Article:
Healthy software metrics: How successful software teams measure their work
June 09, 2023
Author: Carol Lee, PhD, Morgan Ramsey, & Cat Hicks, PhD | Read time: ~ 17 mins
In the first whitepaper in this series, we discussed the dilemma facing engineering leaders today: Increased scrutiny of engineering productivity, as well as increased pressure to retain the best talent by improving the developer experience. We proposed the Developer Thriving framework (in our first whitepaper) and the two kinds of visibility (in our second) as a way to improve both engineering performance and the developer experience.
But there’s something we haven’t addressed yet. Engineering leaders are facing pressure from board leadership to quantify engineering performance. This has led companies like Twitter and Salesforce to rely on severely flawed metrics such as lines of code written.
Why is this happening?
In part, because most engineering leaders haven’t yet had access to the data that allows them to own the story on their teams’ productivity, resulting in unhelpful measurements and poor developer experience.
Engineering leaders need to measure engineering performance in a way that’s accurate for complex technology work, and then communicate that information in a way that’s easily digestible for business leaders. But how can they do this without demotivating their engineers or making their developers feel micromanaged?
Good news: there is a right way.
Our research showed that 87% of developers agreed that tracking parts of their coding process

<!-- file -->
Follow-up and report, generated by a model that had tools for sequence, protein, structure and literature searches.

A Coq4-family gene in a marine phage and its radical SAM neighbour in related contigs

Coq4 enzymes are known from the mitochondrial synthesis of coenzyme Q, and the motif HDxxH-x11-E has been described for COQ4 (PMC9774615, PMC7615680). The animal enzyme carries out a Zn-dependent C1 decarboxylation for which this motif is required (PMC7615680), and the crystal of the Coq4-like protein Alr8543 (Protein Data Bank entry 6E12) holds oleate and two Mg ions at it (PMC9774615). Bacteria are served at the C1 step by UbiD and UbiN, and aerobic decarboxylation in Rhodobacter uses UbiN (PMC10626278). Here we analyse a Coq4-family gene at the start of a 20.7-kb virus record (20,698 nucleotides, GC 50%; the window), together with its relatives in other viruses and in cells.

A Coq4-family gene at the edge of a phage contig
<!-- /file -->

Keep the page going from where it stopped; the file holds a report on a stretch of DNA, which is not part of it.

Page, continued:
would help their teams make trade-off decisions, increase the visibility of technical work, and help them see their own productivity (Fig. 2).
Yet only 20 – 30% of devs reported teams using team-level metrics, and 26% of devs said they didn’t even know whether their managers and leaders used software metrics to understand their engineering work.
There is a huge opportunity for current and aspiring engineering leaders to reimagine best practices for engineering measurement and evidence-based decision-making, therefore increasing clarity throughout their engineering organizations.
Our research found that:
It is a misconception that developers don’t want to measure their work. They generally feel positively about using metrics, agreeing that they help with visibility, trade-off decisions, and understanding their own productivity.
When used correctly, software metrics can address business needs (and questions from the board) and enhance developer experience by improving visibility in a scalable and less biased way.
Racially minoritized developers were more likely to find it impactful to have parts of their coding work measured.
There are patterns in the pitfalls that developers see with implementing software metrics on their teams. When developers whose teams use software metrics were asked to identify pitfalls in the ways their teams were using metrics, the most common pitfalls were not measuring enough and measuring without context.
In the rest of the paper, we cover:
• The current state of engineering metric usage
• The benefits of engineering measurement
• Common pitfalls when using engineering metrics
• Recommendations for better measurement